Daily Event for April 15

April 15, 1910 the diving trials of Japan's first home built naval submarine were held in Kure harbor. Submarine #6 was built by Kawasaki at Kobe and was designed as a smaller version of the Holland type. The Japanese navy bought five of the Holland type submarines from the US and operated them successfully before deciding to build one of their own.

The Holland submarine (SS-1) was only 63' long with a beam of 10'. While the Holland boat displaced 64 tons while surfaced, the Japanese boat, described as an experimental sub, displaced only 57 tons surfaced. They were both powered with a gasoline engine and of course a electric motor powered by batteries for operation underwater.

The submarine, commanded by Lt. Commander Sakuma, and her 13 man crew set out in Hiroshima Bay and began the diving trials at 10:00 AM. The boat went under quicker than expected and a ventilator slide malfunctioned allowing the boat to flood. She sank stern first in 60 feet of water. By 11:00 when the boat failed to surface a signal was sent to the Kure Naval Base and rescue ships were dispatched to the scene. Several vessels made a frantic search for the lost boat but she was not located until the following afternoon. Difficulty with the lifting equipment delayed rescue even longer but, the boat was brought to the surface late that night.

For the crew of Submarine #6 rescue came too late, all 14 had died from a combination of Co2 and gasoline fumes. However it was learned that they had been alive until just past noon on the 16th. While waiting for death Lt. Cmdr Sakuma wrote a detailed letter which was found when his body was removed from the submarine. His letter reads as follows;

I am very sorry that, owing to my carelessness, I have sunk His Majesty's submarine and killed the officers and men under my orders; but I am glad that they have all faithfully discharged their duties with composure until the moment they died, and that we all sacrificed our lives for the sake of our country. What I fear, however, is that this mishap may cause public misunderstanding as to the safety of the submarine and check it's future development. If you, my dear sirs, investigate the development of the submarine with more zeal and without this misgiving I shall be most grateful.

The cause of the sinking. While navigating under water with the gasoline engine we dived too deeply, and when we tried to close the slide valve of the ventilator the chain broke. Thereupon we endeavored to close it with our hands but it was to late, the after part of the boat being flooded, and she sank stern first. The angle was about 25°.

After the boat had settled, her inclination was about 13°. As the switchboard was submerged the electric light went out and noxious gas issued which made breathing difficult. The boat sank about 10:00 AM on the 15th. We tried to pump out the water with a hand pump. No sooner had the boat sunk than we pumped out the main tank and although we could not see the gauge owing to the darkness we think we were successful.

The electric current became unavailable, and although the solution in the cells overflowed a little, sea water did not get into them, which prevented the generation of chlorine gas. We depend upon the hand pumps entirely. The forgoing was written in the conning tower at 11:45 AM. The clothes of the crew are nearly all wet with salt water and they feel very cold. I am always of the opinion that the crew of a submarine must be very calm and careful, but unless they behave boldly the progress of the submarine will never be accomplished, and therefore I have always warned my men not to be too cautious through timidity.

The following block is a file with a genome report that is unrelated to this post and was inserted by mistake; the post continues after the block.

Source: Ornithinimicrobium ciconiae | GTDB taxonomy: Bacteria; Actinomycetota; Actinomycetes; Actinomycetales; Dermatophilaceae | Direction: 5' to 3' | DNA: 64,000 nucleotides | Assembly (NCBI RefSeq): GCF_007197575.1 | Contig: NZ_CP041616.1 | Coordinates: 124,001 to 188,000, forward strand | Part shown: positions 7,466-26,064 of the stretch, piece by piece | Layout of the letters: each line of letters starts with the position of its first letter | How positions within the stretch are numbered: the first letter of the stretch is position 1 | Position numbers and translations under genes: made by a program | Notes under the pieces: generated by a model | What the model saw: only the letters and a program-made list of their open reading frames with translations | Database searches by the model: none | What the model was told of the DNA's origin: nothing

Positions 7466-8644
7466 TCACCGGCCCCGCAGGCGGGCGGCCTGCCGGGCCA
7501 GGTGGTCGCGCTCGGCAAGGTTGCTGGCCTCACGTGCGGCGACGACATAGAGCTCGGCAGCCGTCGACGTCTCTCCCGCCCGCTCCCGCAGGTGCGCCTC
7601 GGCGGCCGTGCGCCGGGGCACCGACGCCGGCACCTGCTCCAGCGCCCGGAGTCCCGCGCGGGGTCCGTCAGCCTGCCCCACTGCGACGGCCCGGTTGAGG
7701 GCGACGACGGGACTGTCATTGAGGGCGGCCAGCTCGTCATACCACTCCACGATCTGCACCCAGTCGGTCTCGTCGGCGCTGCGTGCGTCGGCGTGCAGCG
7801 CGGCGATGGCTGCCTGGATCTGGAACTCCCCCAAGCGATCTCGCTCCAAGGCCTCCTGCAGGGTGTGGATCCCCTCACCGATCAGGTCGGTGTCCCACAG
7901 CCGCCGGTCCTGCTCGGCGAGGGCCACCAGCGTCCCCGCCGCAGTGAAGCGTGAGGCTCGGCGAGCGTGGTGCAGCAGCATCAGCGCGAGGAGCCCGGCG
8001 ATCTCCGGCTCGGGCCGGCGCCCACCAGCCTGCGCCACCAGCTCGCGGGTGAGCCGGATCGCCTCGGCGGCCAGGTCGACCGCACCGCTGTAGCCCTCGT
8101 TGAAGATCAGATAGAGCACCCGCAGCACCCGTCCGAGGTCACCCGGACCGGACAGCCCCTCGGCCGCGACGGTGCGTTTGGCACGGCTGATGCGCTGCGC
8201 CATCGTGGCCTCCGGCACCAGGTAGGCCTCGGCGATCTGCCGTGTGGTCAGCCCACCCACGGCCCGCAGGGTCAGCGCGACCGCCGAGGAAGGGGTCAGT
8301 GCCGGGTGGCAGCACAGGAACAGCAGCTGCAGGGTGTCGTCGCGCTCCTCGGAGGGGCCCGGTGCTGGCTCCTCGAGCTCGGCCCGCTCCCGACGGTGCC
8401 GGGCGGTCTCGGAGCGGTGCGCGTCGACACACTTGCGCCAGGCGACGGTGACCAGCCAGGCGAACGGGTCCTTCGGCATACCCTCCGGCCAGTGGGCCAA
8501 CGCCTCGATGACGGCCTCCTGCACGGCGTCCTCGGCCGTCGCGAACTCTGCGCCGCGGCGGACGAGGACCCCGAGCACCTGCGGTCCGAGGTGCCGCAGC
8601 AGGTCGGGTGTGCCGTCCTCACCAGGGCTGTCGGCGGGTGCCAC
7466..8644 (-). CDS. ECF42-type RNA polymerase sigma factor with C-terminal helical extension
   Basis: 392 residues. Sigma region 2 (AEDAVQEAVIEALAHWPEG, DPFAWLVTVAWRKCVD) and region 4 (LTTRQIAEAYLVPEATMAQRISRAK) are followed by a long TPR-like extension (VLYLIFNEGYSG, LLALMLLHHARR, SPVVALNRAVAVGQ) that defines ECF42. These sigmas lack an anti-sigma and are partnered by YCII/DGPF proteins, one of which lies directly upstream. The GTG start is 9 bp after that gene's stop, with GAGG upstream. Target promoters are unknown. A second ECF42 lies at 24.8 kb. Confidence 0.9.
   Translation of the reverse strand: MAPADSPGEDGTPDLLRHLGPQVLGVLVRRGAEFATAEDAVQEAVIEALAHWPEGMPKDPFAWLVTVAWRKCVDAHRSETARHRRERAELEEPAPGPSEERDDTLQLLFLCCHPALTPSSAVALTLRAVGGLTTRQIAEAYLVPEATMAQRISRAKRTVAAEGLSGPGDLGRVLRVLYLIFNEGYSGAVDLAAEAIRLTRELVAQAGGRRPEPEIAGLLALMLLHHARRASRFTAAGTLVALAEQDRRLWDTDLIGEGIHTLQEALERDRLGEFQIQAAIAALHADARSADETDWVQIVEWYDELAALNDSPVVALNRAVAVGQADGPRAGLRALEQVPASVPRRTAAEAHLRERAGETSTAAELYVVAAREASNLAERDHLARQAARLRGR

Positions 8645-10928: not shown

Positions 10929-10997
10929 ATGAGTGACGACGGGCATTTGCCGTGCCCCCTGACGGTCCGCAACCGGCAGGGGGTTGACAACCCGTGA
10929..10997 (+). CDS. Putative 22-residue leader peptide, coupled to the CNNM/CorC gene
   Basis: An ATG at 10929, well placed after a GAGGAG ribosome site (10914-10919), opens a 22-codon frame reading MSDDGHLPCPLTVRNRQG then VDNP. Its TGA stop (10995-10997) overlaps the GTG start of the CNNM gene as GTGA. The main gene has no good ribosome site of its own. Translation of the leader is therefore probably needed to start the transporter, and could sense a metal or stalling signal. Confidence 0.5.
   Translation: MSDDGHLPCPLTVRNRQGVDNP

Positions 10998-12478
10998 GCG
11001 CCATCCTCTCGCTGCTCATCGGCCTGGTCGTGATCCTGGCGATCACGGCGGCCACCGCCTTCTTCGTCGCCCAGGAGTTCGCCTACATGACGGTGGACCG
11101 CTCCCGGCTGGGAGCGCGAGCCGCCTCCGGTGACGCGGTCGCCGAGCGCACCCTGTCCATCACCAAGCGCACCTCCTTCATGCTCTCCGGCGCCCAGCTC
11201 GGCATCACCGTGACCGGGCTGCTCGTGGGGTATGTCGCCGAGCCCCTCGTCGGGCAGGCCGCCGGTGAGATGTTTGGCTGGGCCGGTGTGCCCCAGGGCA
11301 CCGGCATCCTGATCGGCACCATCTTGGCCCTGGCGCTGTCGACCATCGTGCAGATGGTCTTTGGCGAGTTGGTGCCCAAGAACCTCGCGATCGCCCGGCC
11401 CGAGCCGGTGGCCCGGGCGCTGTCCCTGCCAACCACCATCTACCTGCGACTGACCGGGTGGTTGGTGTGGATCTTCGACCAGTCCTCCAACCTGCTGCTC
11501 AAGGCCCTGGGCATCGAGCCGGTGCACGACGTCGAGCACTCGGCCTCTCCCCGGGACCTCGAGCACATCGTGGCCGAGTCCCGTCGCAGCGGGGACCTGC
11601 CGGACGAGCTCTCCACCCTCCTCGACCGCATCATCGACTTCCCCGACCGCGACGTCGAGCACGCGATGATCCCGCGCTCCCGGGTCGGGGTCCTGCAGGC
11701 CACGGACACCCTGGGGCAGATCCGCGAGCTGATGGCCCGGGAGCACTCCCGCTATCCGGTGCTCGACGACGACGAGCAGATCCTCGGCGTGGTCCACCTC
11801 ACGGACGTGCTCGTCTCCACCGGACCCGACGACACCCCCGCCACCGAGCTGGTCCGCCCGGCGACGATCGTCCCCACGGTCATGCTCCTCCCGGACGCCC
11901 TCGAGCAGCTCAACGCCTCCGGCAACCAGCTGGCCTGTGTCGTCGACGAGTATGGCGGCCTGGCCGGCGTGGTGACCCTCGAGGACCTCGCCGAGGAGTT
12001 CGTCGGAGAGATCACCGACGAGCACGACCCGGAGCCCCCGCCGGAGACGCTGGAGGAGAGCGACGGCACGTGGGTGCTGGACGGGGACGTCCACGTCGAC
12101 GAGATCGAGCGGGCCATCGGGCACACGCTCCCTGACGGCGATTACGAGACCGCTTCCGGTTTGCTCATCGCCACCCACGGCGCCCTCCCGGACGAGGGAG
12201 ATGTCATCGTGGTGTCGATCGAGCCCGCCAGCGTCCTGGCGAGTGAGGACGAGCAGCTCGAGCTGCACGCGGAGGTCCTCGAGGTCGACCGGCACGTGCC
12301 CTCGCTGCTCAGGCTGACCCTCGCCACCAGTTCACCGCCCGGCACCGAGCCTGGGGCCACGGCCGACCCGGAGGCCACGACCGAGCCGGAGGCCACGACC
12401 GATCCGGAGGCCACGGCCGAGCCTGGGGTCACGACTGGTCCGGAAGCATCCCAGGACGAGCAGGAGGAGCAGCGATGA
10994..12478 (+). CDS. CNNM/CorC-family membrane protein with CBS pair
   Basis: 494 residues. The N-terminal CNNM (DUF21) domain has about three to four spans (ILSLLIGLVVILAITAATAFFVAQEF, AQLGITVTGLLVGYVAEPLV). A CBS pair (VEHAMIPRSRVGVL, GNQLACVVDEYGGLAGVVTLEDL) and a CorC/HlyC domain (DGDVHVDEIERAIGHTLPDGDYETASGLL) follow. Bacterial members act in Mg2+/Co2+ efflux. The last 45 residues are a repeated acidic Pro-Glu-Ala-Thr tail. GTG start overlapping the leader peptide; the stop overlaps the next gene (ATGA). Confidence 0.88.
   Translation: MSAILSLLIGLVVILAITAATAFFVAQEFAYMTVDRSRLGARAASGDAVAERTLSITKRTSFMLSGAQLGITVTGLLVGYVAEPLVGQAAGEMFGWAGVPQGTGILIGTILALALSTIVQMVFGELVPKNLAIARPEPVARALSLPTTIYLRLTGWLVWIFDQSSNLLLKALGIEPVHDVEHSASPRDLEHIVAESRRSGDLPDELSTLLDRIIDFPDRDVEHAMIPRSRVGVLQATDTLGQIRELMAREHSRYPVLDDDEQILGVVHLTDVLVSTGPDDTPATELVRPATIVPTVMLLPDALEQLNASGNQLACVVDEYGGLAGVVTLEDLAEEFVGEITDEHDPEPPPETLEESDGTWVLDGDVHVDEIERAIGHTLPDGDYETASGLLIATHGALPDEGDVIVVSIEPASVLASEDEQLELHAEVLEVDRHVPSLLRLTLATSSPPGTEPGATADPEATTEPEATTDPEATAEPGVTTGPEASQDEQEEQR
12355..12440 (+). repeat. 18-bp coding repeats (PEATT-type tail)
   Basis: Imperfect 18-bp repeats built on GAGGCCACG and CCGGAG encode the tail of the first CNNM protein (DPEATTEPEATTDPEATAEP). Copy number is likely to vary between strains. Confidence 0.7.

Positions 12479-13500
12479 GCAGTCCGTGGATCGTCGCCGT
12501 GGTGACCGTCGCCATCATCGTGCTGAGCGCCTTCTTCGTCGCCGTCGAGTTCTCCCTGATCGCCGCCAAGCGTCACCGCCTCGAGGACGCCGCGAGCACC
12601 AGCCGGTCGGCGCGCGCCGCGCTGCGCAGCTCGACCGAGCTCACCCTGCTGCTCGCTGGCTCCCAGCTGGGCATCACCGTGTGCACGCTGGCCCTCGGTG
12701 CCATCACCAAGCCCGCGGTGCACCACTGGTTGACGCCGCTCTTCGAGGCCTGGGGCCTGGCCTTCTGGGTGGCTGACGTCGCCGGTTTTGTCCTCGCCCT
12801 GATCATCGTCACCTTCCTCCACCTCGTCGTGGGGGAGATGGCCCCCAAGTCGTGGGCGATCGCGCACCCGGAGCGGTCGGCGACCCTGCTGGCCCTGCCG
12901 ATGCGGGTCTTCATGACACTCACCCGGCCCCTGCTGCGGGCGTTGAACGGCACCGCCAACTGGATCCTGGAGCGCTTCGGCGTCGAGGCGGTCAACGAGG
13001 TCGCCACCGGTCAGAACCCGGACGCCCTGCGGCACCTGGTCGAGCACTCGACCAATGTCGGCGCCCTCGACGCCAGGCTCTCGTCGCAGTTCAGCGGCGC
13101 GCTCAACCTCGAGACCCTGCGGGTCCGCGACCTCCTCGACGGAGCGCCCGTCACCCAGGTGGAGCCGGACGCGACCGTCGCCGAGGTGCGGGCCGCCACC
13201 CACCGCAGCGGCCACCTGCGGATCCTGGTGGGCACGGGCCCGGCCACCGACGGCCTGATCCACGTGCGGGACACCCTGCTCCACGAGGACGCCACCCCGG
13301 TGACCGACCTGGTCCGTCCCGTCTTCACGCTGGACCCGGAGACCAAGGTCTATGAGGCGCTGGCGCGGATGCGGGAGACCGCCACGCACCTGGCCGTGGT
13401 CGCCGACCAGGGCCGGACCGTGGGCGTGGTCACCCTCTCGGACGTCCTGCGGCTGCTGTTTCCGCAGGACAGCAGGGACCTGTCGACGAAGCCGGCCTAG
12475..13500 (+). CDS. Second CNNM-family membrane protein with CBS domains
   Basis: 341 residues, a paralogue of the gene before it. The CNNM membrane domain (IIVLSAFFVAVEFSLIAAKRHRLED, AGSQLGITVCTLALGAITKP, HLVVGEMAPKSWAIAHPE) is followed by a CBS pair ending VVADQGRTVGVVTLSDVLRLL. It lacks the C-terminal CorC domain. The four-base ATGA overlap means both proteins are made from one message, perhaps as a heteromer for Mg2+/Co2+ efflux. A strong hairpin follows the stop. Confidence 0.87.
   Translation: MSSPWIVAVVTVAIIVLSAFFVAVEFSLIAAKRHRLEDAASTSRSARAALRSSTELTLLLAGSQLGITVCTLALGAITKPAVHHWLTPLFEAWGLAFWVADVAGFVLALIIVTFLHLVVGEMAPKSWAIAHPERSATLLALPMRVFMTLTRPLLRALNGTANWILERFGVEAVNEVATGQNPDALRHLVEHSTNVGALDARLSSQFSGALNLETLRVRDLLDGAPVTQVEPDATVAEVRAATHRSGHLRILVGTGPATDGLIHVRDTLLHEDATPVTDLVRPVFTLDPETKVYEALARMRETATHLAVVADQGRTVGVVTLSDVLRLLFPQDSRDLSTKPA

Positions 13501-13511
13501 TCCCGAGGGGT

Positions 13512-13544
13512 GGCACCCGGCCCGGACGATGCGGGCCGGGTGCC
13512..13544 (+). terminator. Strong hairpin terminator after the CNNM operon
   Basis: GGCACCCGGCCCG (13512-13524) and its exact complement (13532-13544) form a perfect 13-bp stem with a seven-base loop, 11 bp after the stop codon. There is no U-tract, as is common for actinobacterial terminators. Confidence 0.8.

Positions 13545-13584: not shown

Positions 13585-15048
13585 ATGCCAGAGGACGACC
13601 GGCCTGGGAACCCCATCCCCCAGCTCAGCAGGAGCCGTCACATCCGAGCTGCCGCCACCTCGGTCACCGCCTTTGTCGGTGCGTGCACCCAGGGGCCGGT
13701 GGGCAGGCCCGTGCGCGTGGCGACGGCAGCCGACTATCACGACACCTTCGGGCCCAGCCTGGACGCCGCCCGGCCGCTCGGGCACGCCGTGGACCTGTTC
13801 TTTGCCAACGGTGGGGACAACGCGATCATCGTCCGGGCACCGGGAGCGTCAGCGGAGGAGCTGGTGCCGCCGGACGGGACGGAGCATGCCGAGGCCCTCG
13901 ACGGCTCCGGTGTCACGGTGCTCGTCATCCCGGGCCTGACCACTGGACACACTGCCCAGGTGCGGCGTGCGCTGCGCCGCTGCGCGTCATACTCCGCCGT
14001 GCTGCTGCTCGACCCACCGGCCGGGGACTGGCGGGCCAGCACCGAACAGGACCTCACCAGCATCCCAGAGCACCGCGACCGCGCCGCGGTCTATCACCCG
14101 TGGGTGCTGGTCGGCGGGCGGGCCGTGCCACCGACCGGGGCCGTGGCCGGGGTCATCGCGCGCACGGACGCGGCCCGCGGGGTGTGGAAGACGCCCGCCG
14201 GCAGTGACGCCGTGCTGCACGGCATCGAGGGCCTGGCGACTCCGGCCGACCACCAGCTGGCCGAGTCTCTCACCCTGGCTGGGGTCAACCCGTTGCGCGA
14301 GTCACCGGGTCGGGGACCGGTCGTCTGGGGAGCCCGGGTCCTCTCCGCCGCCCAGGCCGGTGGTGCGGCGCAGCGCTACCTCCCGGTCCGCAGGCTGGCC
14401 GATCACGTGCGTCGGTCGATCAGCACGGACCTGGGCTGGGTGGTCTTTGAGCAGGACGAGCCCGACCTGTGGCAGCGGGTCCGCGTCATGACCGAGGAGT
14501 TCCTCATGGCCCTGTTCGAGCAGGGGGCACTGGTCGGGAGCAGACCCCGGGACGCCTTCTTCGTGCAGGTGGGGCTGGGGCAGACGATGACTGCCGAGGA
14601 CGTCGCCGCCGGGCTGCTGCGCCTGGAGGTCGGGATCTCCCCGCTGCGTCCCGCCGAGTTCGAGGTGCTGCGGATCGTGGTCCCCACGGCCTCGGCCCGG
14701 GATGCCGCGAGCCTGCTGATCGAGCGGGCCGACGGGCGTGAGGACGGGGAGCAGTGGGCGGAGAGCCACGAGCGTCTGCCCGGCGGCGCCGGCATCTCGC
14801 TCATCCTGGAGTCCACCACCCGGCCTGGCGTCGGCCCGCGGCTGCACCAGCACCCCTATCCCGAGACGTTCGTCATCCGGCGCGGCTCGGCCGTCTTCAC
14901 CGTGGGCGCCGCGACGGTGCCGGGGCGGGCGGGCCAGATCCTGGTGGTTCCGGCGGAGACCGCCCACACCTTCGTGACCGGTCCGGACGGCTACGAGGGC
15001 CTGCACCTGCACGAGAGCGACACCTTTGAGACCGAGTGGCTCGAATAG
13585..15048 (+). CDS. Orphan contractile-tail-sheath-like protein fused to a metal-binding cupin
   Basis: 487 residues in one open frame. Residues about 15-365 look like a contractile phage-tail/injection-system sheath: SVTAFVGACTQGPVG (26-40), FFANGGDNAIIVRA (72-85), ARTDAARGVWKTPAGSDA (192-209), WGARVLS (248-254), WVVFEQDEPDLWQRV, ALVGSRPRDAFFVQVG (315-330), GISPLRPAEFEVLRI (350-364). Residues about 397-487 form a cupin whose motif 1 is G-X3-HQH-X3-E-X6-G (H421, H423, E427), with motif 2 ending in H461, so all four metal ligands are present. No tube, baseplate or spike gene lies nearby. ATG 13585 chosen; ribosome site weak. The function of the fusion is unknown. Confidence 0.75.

Some people may laugh at my failure on this occasion, but I am confident that I am right in my opinion. The depth gauge in the conning tower shows 52, and although we have done out best to pump out the water till noon the boat is still fixed. I think we must be in about 10 fathoms.

The crew of a submarine should be composed of specially selected men least they should suffer similar experiences to this one. I am satisfied that my officers and men have all done their duty. Whenever I leave my home o join my boat I feel that I may never return alive, and therefore I have made my will and have left it in a drawer at my house, but it is not necessary to say more about it here as it only concerns my private affairs. I request that Messrs Taguchi and Asada will see my father about it.

To His Majesty, Sire, I entreat you to look after the families of the officers and men under my orders so that they do not starve; this is the only thing that troubles me. Atmospheric pressure is increasing and I feel as if my eardrums have been broken.

12:30PM Respiration is extraordinarily difficult. I mean I am breathing petrol gas. I am intoxicated with petrol. Captain Nakano, it is 12:40...

The letter abruptly ends there. This letter, an eerie testament to a dying crew is a rare example but by no means the only one of it's kind. You can read how the letter begins coherent and later becomes somewhat confused as the captain's brain starves for oxygen. It must have been a difficult task to write such a letter, in the dark and dying. The captain left us with an insight into the bravery and the peril submariners have faced since the submarine was invented.


© 2006 Michael W. Pocock

This may be the Submarine #6 from the story, the photo was taken in 1910 but the boat does not
appear to be exactly a Holland type. However since the Japanese had built her perhaps the outer
appearance of the boat was quite different from a Holland.


Holland SS-1